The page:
• they probably leave them on because it always seems like seattlites never get out of the way of emergency vehicles. i constantly see people just freeze in the middle of the road, not pull over, not know what to do etc. im just glad i never needed an emergency vehicle that had to fight its way through clueless congested traffic

          • FWIW, I spent the last week up north around Marysville & Granite Falls and saw exactly this same behavior; I’ve seen it driving in other parts of the state and elsewhere around the country as well. It just seems that, in general, drivers aren’t educated regarding the need to provide clearance for emergency vehicles, and doesn’t really seem to be a local or regional problem alone.

  4. I live on pine street between Broadway and I 5. It’s really not that noisy, even with the windows open I can sleep over the occasional obnoxious girl from issaquah who can’t stop yelling woo because this evening in seattle is the most excitement she’s had in about 3 months.

  5. I can handle the noise, it’s the garbage that gets on my nerves. If you’re old enough to get in the bar, you’re old enough to understand garbage belongs in a garbage can, not on the street or in the bushes of my house.

  6. If future Block Parties are run like this year’s, everyone will be good. The crowd sizes were totally sane and security was excellent. Nice work finally.

  7. The garbage in Cal Anderson this morning was insane. They should extend the clean up of the block party into the neighborhoods surrounding it. And before someone complains about me taking action, yes I pitched in and cleaned up in front of my place yesterday, even though I did not attend block party. This morning I could not as I was on my way to work.

  8. I have been living in this neighborhood for years, and it used to be much more quiet. It’s only become so loud and party-like in the last few years. I live on Pine, but it’s only for another month and a half. I’m really looking forward to moving to another neighborhood. Let someone else enjoy the screaming drunks, poorly behaved barely legals and “anarchists”. I’m done.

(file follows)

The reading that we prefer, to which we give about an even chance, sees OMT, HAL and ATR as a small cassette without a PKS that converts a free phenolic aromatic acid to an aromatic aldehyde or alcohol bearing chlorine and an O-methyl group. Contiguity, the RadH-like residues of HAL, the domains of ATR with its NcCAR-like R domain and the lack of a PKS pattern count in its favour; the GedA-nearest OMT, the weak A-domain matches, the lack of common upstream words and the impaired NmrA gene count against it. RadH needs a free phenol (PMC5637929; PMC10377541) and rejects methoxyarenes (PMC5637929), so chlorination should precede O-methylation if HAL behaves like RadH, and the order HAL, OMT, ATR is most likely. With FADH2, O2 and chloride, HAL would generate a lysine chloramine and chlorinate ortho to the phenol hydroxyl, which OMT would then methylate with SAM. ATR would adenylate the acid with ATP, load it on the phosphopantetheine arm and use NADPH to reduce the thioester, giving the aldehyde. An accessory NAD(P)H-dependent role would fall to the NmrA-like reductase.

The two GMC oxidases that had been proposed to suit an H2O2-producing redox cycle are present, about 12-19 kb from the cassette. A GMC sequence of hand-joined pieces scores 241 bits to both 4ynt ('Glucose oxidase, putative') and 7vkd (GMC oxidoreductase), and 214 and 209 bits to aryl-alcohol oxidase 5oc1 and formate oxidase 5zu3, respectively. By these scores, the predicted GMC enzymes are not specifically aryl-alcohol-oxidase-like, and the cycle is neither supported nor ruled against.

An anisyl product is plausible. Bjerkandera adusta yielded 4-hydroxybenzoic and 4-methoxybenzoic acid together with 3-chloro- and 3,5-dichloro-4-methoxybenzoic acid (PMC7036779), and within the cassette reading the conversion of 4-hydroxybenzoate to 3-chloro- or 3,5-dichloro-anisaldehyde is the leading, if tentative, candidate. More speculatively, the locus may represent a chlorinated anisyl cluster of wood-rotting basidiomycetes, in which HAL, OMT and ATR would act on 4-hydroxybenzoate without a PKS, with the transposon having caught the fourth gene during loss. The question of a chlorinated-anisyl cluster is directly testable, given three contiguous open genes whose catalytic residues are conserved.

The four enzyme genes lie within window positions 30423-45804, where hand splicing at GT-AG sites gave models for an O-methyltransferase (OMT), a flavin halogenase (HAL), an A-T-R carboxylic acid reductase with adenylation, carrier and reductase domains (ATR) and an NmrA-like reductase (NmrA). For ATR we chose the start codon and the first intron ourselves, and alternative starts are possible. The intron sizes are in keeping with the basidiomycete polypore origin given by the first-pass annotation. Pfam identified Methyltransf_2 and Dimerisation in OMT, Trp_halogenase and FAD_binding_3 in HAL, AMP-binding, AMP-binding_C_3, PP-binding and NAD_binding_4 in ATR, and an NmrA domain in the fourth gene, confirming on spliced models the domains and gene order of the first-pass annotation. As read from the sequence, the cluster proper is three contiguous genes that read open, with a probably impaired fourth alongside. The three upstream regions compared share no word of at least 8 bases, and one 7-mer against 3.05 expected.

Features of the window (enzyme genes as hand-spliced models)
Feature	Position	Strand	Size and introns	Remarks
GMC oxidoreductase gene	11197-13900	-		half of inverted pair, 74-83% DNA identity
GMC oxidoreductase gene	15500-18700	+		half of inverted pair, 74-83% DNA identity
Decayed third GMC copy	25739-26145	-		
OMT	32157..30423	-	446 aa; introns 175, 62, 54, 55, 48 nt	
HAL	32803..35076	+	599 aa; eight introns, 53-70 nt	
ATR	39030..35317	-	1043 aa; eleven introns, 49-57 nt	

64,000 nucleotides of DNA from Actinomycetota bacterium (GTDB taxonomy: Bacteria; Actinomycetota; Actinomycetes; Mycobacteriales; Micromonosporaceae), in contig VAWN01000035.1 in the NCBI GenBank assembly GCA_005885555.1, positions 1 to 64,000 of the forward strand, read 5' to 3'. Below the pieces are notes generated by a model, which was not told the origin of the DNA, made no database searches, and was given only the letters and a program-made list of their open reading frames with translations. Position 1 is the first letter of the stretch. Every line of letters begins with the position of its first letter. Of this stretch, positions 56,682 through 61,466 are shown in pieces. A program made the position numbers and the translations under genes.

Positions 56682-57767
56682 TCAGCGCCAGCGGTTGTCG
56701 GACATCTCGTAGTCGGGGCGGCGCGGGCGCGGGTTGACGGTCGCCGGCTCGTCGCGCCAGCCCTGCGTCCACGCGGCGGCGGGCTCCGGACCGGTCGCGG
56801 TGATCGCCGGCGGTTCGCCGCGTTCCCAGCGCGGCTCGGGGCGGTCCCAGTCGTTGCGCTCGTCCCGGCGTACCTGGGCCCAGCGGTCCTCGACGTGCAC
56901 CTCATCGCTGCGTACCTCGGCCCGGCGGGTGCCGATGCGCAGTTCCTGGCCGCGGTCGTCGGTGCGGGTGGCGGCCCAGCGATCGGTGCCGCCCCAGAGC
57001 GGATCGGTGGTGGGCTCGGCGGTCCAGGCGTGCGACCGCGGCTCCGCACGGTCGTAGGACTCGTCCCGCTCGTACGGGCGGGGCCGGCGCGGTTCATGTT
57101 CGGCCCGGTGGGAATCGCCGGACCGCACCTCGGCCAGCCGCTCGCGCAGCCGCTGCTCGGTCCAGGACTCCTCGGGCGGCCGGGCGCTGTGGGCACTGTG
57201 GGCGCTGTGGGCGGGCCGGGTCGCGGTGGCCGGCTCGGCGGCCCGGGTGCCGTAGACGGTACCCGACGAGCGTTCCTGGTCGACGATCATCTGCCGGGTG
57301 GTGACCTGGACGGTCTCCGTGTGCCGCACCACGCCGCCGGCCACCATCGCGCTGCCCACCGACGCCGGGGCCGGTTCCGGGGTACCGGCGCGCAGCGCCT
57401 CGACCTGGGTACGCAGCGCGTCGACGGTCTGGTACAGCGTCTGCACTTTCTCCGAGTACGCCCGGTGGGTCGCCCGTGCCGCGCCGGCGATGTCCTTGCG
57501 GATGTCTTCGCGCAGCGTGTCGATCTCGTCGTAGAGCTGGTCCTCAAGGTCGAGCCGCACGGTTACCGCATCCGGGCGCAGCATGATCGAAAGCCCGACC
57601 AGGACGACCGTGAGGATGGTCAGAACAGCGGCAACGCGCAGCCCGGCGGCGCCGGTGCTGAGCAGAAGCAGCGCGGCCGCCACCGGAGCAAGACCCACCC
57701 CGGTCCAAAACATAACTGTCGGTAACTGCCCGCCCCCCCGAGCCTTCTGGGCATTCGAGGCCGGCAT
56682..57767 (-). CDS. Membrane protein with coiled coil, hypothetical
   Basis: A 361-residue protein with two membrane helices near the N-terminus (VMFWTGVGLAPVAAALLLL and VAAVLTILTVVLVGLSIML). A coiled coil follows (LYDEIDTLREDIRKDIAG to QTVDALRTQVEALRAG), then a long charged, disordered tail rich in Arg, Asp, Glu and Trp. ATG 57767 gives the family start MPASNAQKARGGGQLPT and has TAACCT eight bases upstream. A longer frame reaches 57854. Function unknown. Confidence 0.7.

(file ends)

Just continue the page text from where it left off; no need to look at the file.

• I agree to some degree, but not all of the problems should be accepted as “part of living in a city.” Some problems can be addressed and at least mitigated, if citizens care enough to work for change. One example is rampant graffiti on our public and private spaces….that is unacceptable, and can be lessened by reporting it to the city for cleanup.

  9. Developers may choose to add higher-end windows, but most of today’s mixed-use buildings are not built with materials that are especially soundproof.

    “Most of these projects … are not getting esoteric building materials. It’s not that type of construction…”

    esoteric building materials = quality building materials

  10. I live in a moderately loud part of the Hill, and generally it’s fine with the windows closed – it’s when it gets so hot that you need to open windows that noise is really a problem. I don’t see why the doofus building designers don’t specify windows that you could actually install an air conditioner in, it would make a big difference in many parts of the neighborhood and city.